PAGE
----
There exist a point $c \in [a,b]$ such that $f(c)= \frac{f(x_{1})+f(x_{2})+…+f(x_{n})}{n}$.

Let $$f: [a,b]\to \mathbb{R}$$ be continuous on $$[a,b]$$ and $$x_{1},x_{2},...,x_{n} \in [a,b].$$Then there is a point $$c \in [a,b]$$ such that $$f(c)= \frac{f(x_{1})+f(x_{2})+...+f(x_{n})}{n}$$.

Can anyone give me some hint which I can use to prove this? Any help would be appreciated. Thanks in advance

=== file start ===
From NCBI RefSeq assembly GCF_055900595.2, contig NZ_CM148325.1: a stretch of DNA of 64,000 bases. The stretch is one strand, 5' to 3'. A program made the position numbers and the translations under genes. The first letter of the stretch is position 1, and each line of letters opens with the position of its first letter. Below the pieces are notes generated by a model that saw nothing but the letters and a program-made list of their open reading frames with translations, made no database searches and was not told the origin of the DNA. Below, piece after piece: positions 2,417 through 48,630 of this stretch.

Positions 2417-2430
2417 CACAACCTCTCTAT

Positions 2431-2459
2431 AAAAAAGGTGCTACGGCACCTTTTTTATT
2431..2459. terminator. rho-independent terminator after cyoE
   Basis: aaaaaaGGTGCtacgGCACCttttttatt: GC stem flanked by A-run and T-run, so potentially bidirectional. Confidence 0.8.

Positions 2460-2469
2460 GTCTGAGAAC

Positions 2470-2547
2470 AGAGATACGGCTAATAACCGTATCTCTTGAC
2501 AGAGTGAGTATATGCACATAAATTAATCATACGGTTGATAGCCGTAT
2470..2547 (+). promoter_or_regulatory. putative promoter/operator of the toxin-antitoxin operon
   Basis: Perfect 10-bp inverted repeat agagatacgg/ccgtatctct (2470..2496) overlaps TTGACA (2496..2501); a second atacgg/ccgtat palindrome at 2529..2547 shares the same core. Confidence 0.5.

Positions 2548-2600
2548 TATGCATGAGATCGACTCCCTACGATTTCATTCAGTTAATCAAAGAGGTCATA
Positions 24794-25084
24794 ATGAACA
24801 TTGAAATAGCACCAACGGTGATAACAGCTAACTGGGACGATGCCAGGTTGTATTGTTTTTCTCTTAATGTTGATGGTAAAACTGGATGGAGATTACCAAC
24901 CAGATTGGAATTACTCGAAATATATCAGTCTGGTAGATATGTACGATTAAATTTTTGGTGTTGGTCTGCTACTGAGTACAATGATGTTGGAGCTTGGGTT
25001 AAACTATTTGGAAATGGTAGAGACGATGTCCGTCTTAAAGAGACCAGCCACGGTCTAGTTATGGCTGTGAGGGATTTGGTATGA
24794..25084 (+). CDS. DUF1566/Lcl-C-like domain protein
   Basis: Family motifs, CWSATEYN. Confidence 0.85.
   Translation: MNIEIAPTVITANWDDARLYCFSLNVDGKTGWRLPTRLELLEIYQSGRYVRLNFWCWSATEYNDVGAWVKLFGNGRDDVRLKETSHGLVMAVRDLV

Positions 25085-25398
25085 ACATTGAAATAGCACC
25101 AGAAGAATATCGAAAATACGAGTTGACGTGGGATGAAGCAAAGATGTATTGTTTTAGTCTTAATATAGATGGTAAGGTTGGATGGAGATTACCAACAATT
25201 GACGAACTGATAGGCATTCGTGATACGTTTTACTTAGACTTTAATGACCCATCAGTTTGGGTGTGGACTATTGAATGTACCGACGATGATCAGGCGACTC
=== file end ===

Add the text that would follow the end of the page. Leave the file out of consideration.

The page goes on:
• $(f(x_1)+f(x_2)+\dots+f(x_n))/n$ is intermediate between $\min_i f(x_i)$ and $\max_i f(x_i)$.. – GReyes May 14 at 20:18
• Oops. Easy it was..thanks. – math is fun May 14 at 20:25
• Worth noting: if the $\{x_i\}$ form a partition of $[a,b]$, the case $n\to\infty$ is the First Mean Value Theorem for Integrals. This won't depend on the partition because $f$ is continuous. – Integrand May 14 at 21:50